Time for one of my favorite things. . . GUEST BLOGS! Without hesitation (because you are all sick of me, hehe) I give you. . .
"The ABCs of Bonaire: By Meredith at Reeftraveler"
Growing up in the mountains of West Virginia, I learned to love nature and the environment. In 1995 I became SCUBA certified, and my obsession with the underwater world began. Three years ago I picked up an underwater camera, and I haven’t looked back. I’ve photographed reefs and their inhabitants all around the globe from the Maldives to Tahiti to Australia to Roatan. Today I am the editor of Reeftraveler, a blog about diving, snorkeling, island travel, underwater photography and ocean conservation. Follow my journey at www.reeftraveler.com
In the far reaches of the southern Caribbean, you’ll find a land where donkeys, goats and flamingos roam free. It’s a Dutch island where the reef beckons from sparkling aquamarine shores, and where the reef is home to more fish species than any other locale in the Caribbean.
And while this island called Bonaire is small in landmass, it boasts a large number of diverse dive sites and is arguably the shore diving capital of the Caribbean. It’s also a great place for underwater photographers to home their skills.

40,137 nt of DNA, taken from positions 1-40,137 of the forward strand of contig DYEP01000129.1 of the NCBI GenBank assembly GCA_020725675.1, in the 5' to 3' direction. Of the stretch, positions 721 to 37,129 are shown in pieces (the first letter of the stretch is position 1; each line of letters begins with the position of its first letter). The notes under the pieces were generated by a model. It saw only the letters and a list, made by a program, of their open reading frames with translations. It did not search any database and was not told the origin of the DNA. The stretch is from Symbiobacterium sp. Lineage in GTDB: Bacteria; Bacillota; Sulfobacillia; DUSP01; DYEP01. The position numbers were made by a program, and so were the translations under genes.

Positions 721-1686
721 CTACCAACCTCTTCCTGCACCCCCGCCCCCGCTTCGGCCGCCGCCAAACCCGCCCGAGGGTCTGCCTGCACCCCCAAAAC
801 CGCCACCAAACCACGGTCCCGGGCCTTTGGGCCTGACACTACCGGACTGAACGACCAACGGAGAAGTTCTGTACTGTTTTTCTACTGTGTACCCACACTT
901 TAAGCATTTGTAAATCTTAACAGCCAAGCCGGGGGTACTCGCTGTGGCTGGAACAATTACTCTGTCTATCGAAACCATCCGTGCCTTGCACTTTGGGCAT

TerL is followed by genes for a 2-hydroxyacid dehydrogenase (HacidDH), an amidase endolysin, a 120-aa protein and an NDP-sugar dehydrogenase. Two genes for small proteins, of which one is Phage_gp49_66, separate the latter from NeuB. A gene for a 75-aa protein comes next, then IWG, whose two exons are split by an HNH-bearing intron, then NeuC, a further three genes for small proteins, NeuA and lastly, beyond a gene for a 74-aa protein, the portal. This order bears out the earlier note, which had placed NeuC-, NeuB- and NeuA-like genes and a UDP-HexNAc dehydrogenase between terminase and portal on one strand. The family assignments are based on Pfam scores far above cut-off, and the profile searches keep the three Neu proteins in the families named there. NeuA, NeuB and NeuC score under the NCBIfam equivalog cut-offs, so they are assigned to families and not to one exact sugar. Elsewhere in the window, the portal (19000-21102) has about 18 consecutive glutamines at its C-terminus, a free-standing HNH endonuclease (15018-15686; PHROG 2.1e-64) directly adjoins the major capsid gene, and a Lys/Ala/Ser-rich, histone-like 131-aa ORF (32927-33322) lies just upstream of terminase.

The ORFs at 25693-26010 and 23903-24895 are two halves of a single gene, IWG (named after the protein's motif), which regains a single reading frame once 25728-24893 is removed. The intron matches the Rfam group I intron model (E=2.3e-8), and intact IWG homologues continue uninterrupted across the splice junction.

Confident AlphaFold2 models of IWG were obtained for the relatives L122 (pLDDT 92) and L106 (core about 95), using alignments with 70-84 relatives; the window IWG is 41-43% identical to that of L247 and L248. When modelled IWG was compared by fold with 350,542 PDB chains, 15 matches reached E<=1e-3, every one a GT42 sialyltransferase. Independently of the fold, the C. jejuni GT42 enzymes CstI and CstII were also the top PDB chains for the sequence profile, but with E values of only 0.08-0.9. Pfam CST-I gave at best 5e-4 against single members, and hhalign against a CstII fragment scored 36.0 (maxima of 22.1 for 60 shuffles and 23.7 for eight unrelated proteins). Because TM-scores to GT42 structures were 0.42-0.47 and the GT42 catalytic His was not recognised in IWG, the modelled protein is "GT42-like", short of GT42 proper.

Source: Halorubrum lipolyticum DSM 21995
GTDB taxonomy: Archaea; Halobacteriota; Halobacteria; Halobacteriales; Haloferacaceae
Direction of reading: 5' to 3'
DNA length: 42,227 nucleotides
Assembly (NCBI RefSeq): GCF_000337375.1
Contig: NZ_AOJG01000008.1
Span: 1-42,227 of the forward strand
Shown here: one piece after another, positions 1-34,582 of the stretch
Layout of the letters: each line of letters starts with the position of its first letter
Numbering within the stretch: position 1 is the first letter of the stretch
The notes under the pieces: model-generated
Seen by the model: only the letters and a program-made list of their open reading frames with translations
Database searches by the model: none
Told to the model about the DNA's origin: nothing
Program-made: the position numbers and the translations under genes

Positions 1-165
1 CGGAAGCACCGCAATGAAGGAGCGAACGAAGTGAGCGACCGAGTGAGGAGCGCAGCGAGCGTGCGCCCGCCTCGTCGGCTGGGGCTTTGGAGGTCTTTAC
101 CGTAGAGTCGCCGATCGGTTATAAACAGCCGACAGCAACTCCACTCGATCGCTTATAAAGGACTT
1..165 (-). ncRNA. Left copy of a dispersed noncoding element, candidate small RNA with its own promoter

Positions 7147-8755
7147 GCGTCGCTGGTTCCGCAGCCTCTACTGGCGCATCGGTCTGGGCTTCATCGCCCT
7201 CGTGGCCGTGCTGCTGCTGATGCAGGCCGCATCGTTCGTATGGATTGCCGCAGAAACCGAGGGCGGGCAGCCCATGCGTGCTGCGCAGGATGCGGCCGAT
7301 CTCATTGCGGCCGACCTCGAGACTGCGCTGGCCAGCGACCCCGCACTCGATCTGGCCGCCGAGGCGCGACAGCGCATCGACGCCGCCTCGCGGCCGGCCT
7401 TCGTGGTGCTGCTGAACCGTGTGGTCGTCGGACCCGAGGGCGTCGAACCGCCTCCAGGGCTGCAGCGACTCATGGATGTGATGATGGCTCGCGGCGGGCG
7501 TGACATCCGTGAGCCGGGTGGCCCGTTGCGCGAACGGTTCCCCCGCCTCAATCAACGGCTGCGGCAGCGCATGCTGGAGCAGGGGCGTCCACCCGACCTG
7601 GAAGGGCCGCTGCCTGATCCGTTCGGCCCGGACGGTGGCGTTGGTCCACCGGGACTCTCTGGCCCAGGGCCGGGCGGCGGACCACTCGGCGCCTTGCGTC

So what do I like most about Bonaire’s diving?
Attitude of diving freedom – Many of the island’s dive shops offer inexpensive unlimited shore diving packages, 24/7 access to tanks, free Nitrox, boat dives and convenient dive lockers. Some even have tank pick-up drive thru stations.
Bountiful sea life and variety of species – According to REEF, Bari Reef on Bonaire is home to the most diverse fish population in the Caribbean. And in general, Bonaire is home to several species rarely seen in the Caribbean such as frogfish, scorpionfish, seahorses and manta rays (we had two manta sightings during our stay).
Conservation- Bonaire’s history of marine conservation efforts is renowned. The Bonaire Marine Park was founded in 1979 with the goal of maintaining the ecosystem and protecting the island’s underwater resources. Also, the island is very serious about lionfish control. After completing a course, divers are allowed to hunt lionfish using an ELF (Eliminate Lion Fish) device. Several restaurants on the island serve lionfish on their menus.
Bonaire is also a great place for snorkelers who do not dive. Many of the sites are shallow and perfect for snorkeling. Also, many of the dive shops take snorkelers on their dive boats.